29th September 2018
By Chris Saunders
August is typically a slow month for new car registrations, but the release of the latest SMMT figures, we can see that the number of new cars registered last month was 94,094 – a hefty 23.1% rise on the same month last year. Good news for dealerships.
Digging further into the figures, we can see that the rise is due in no small part to the surge in demand for hybrid and plug-in cars, which has gone up 88.7% on 2017. One in 12 buyers have gone electric – a new record. Purchases were up amongst private buyers, fleets and small businesses alike, with the smaller business sector rising by an impressive 166.4% compared to the year before.
Nevertheless, the overall new car market for the year to date remains down by 4.2% compared to 2017, thanks to a turbulent first eight months. In short, whilst there is plenty of dynamism in the new car market – and plenty of opportunities for dealerships to take advantage of emerging trends – it remains an unpredictable and tempestuous landscape. As ever, automotive dealerships need to be proactive and take a long-term approach to their sales process.
That is, focusing purely on the numbers of new car registrations your dealership can rack up each month is a recipe for being buffeted by the broader peaks and troughs of the new vehicle marketplace. Far better to think of each new registration as the starting off point for dozens or even hundreds of additional revenue-generating interactions, smoothing out that unpredictability and helping you better weather the storms of the wider market.
How to think long-term
Across all three of those buying channels – private buyers, fleets and small business – dealerships can add a huge amount of value with a long-term aftersales service. From carrying out standard tests and checks, to undertaking proactive upgrades and alterations, to delivering responsive repair and replacement work, aftersales care can extend a relationship with a new car owner for many years.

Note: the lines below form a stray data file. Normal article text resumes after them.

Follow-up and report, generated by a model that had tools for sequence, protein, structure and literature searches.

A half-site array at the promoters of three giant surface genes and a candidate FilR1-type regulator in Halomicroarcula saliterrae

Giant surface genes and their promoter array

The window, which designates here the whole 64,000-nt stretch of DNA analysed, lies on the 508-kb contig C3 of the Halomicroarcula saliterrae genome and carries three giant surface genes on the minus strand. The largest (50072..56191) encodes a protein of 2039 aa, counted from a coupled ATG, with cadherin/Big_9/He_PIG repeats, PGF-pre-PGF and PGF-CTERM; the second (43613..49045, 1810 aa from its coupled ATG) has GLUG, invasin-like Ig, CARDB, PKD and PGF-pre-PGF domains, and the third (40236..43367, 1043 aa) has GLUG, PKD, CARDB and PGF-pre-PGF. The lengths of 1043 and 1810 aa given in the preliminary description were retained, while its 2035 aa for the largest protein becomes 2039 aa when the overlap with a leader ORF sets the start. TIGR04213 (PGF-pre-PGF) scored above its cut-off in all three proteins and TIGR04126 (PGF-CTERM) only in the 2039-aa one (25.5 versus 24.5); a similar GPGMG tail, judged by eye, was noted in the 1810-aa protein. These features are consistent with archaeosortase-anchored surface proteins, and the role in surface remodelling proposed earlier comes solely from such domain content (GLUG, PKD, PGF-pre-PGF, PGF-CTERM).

However, there’s a huge difference between merely offering these services as a vague ‘shopping list’ and actually tailoring them to the needs of the buyers in question. Individual, private buyers have different needs to small business and fleet owners. Whilst flexibility and consideration for the customer’s own working hours, commitments and vehicle needs is always key, these are extremely variable.
This, then, is where aftersales software comes in, enabling you to clearly and automatically categorise aftersales work, and translate vehicle issues into clearly ranks and filtered groups so that owners can get an instant, top-level picture of the health of their vehicle. The smoother and clearer the aftersales process can be made for each individual customer, the longer and more fruitful that aftersales process is likely to be – on both sides. And in turn, this means that even a poorer month for new vehicle registrations can stretch into a much longer revenue-building relationship.
August’s statistics certainly look positive for automotive dealerships. But forward-thinking business owners should never be satisfied with a single month of strong figures – they should consider how those figures can be extended into the future.